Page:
Southwest: Rain Cistern

Tucson, Arizona, USDA Zone 9

When we began designing the Sonoran Desert garden around our new home, we had to answer the most fundamental desert-gardening question: How do I water my plants? During an average year, my rain gauge registers around 12 inches of rain—enough to keep cacti and other succulents alive, but not enough to keep many of the desert perennial plants we love looking landscape quality. However, we’re also committed to water conservation, both by disposition and by mandate; the community we live in requires that we use only 55 gallons of water per person per day. (The average household in the United States uses around 175 gallons.) As it turned out, part of the answer to our water dilemma was right over our heads: each year, our roof could harvest thousands of gallons of rainwater.

I began constructing a system that would capture most, if not all, of the 8,800 gallons of rainwater we calculated would flow off our 1,500-square-foot roof in a normal year. I found a pair of corrugated galvanized steel culverts (normally used to channel water under roads) that were three feet in diameter and eight feet high, each with a 422-gallon capacity, and sunk them into cement beds in our back courtyard. I directed our rain gutters into them and, using off-the-shelf plumbing, I connected the culverts to my drip irrigation system. This way I could use rainwater when I had it, and potable water when I didn’t.

I felt like the CEO of my own water company. During summer storms that first year, I would go outside in my boxer shorts in the middle of the night to check the water level, a habit my wife, Deirdre, found mildly disturbing. But a shimmering circle filled with clean, cool rainwater is a sight I never tired of. During those storms, the culverts could fill up in only 15 minutes, and the overflow would run down the street like a river.

One problem presented itself—the culverts stood out like twin rocket ships in our yard. In a town known for the manufacture of cruise missiles and for its jet-fighter graveyards, we thought perhaps the gleaming steel culverts wouldn’t look too out of place in our garden. (And they did echo the corrugated metal roof of our adobe bungalow.) Still, we decided to soften the industrial look of the culverts with vines. We slid rusted circular trellises over each one and chose a Iush Sonoran Desert native, yellow morning glory (Merremia aurea), to plant around them. By midsummer, the culverts were engulfed by an abundance of bright yellow flowers.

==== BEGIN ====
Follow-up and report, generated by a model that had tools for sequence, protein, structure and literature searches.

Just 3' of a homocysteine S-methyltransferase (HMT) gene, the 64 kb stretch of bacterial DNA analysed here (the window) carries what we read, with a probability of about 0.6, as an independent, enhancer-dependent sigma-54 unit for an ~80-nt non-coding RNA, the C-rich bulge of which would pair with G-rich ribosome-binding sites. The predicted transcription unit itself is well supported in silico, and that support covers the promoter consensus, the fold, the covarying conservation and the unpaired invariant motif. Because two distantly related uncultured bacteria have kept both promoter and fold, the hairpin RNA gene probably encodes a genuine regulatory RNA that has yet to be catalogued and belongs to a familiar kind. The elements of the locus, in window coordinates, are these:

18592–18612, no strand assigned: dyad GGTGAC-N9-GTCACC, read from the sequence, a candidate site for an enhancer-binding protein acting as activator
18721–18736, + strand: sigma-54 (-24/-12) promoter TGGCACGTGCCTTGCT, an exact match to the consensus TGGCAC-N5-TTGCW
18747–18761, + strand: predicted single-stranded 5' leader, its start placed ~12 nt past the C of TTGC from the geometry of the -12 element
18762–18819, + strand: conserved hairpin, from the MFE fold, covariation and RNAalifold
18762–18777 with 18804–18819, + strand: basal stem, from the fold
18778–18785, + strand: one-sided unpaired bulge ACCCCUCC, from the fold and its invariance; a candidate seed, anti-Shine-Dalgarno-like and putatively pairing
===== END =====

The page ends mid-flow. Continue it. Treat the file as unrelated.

Managing my own water supply has given me great respect for the plants that can hang onto dear life between the rains. Without those tough plants and the culverts to supply extra water, our gardening would be much more limited. The 8,000-odd gallons of rainwater we capture throughout the year leave us feeling less encumbered by water restrictions. Because of rainwater, we are free to garden. 

WORTH GROWING: Yellow morning glory (Merremia aurea)

Heat-resistant in the extreme, yellow morning glory is a godsend for gardeners in truly hot climates. The vine will climb 20 feet or more in a season, and its three-inch-wide, trumpet-shaped flowers stand out like golden flying saucers against its deep green foliage. The plant dies back to the ground in most winters, but the tuber from which it grows is hardy to 15°F, and the plant recovers rapidly with the onset of hot weather. It prefers well-drained soil, but will grow faster with some supplemental water.

Related Posts:

  • No Related Posts

Leave a Reply